Get more Mail & Guardian
Subscribe or Login

Gupta firms roasted in bank court bid

There was a “well-founded suspicion”, on uncontested facts, that Gupta-linked companies had “subverted the integrity of the financial system, to put it gently”, Judge Hans Fabricius said in a judgment on Thursday.

Fabricius took just five minutes to dismiss the attempt by companies in the Gupta family’s stable to keep their last local bank accounts open. But his 74-page written judgment was littered with scathing comments about the companies and their conduct.

The 20 companies, all vehicles for the Gupta family or its close associates, had argued that closing their bank accounts would put them out of business, would leave them unable to pay salaries to thousands of employees and would infringe on their rights in a number of ways.

The Bank of Baroda, owned by the Indian state, plans to close the accounts at the end of September. All other local banks had already closed their accounts, the companies said, during a period when the auditors and the sponsor for the Guptas’ once-listed Oakbay vehicle also quit.

The Gupta companies include Sahara Computers, a major distributor of information technology; VR Laser, a partner of state-owned arms company Denel; and a number of Eskom coal suppliers.

They had argued that Baroda should not be allowed to close their accounts until at least July next year, and must prove objectively that the Gupta family had done wrong before shutting them down.

Fabricius disagreed on every count. He added that the Gupta companies had, in a manner that was “highly objectionable”, failed to disclose that they did have the means to pay salaries and that some companies in the group already had new arrangements in place.

Gupta companies — and an apparently unrelated but vocal group of social media users — had warned that acting against them would bring harm to their employees. But the small Baroda bank had never directly paid salaries, Fabricius found, and does not have the infrastructure to do so.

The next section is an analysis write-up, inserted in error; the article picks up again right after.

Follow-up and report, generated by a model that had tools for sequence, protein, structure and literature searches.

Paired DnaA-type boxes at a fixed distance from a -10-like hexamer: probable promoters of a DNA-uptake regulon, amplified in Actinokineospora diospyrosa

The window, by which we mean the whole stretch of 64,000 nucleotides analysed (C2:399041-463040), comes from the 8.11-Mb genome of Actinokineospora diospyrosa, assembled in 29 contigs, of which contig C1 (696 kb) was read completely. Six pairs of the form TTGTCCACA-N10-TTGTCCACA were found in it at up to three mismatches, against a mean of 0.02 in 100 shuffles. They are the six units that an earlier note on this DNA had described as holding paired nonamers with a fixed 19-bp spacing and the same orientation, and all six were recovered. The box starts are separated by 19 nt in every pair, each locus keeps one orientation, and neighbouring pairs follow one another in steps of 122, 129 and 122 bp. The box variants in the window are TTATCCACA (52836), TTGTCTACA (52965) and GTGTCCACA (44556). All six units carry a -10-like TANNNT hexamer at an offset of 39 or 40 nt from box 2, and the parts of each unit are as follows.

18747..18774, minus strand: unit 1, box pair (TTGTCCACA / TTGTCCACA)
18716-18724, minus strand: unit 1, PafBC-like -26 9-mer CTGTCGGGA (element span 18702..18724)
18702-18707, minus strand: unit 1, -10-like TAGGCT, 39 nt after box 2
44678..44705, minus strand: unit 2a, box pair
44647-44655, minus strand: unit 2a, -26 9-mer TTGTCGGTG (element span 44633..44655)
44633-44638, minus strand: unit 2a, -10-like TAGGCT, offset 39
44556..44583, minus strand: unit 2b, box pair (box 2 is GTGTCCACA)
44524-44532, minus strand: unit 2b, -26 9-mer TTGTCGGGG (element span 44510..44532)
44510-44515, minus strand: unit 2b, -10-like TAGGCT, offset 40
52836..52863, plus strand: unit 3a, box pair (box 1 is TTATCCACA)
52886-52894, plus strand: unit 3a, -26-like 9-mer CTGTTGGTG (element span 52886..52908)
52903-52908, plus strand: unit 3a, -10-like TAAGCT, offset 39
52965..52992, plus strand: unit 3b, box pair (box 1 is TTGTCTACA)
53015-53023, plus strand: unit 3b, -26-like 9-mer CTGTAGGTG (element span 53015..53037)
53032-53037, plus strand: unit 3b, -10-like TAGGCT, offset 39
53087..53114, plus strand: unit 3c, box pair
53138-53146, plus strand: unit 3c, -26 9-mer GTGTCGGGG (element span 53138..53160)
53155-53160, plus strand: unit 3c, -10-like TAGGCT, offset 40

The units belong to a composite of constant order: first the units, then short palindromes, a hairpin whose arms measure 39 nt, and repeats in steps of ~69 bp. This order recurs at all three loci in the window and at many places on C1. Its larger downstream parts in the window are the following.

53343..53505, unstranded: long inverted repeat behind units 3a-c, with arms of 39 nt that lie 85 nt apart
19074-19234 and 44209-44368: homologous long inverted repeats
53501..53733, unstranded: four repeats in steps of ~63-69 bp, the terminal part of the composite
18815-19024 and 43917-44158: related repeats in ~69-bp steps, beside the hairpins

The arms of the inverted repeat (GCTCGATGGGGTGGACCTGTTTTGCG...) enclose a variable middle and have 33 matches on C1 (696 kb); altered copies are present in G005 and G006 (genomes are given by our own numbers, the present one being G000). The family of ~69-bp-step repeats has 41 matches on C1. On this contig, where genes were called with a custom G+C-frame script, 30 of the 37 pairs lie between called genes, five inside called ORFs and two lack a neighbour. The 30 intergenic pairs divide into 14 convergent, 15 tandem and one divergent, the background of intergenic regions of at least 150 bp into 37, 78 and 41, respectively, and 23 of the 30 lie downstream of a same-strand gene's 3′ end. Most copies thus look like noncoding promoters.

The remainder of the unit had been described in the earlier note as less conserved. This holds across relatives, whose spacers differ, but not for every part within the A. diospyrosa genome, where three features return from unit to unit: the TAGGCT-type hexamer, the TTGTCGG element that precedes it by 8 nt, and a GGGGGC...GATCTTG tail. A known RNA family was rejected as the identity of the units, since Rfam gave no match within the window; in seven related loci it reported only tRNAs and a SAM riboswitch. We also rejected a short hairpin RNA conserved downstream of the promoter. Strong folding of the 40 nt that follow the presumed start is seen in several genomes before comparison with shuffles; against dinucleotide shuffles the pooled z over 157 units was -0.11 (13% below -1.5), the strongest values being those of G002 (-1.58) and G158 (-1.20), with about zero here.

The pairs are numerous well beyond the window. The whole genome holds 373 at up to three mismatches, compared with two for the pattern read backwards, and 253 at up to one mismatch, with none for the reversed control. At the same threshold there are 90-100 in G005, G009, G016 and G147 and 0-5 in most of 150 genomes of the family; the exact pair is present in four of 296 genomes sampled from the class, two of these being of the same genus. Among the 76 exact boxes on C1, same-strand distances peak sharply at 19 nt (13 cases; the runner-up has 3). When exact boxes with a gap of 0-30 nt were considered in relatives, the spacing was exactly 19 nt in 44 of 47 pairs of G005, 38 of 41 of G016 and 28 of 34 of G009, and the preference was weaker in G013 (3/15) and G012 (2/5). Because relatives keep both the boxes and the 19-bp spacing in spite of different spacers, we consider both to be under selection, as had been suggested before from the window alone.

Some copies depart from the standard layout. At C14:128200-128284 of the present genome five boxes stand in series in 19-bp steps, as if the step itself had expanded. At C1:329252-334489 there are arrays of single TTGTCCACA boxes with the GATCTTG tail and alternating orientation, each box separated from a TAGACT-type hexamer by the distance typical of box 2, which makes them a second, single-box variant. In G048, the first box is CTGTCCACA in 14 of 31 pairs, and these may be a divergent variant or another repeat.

Baroda had only paid a lump sum to a third-party payment agent, which had paid out the money in turn. Such a payment agent can be paid using a foreign bank account, Fabricius said, or the debtors of the various companies can make payment to the agent. Either way, the companies “will be perfectly capable of paying their employees and suppliers”, he said.

Fabricius also found that, whereas the companies had argued that their constitutional rights would be infringed it their accounts were closed, their own unusual legal tactics sought to infringe on Baroda’s rights. The Gupta companies had attempted to introduce an entirely new line of legal argument on the day the matter was heard, which would in effect deny Baroda the right to have a fair hearing.

Fabricius said the Gupta companies had asked for an “interim-interim” interdict against the closing of their accounts so that they could argue for a proper interdict in December.

Then they still wanted to argue for a final interdict in 2018. This, they suggested, meant their evidence should not be considered at the “interim-interim” stage, because a ruling against them would deny them access to the court for an interim hearing.

South African law does not make provision for an “interim-interim” interdict, Fabricius said.

He added: “A bank, and not a court, must decide to which extent it will allow its reputation to be tarnished by allegations of criminal activities made in the media which refer to its client and the fact that it is such a client’s banker.”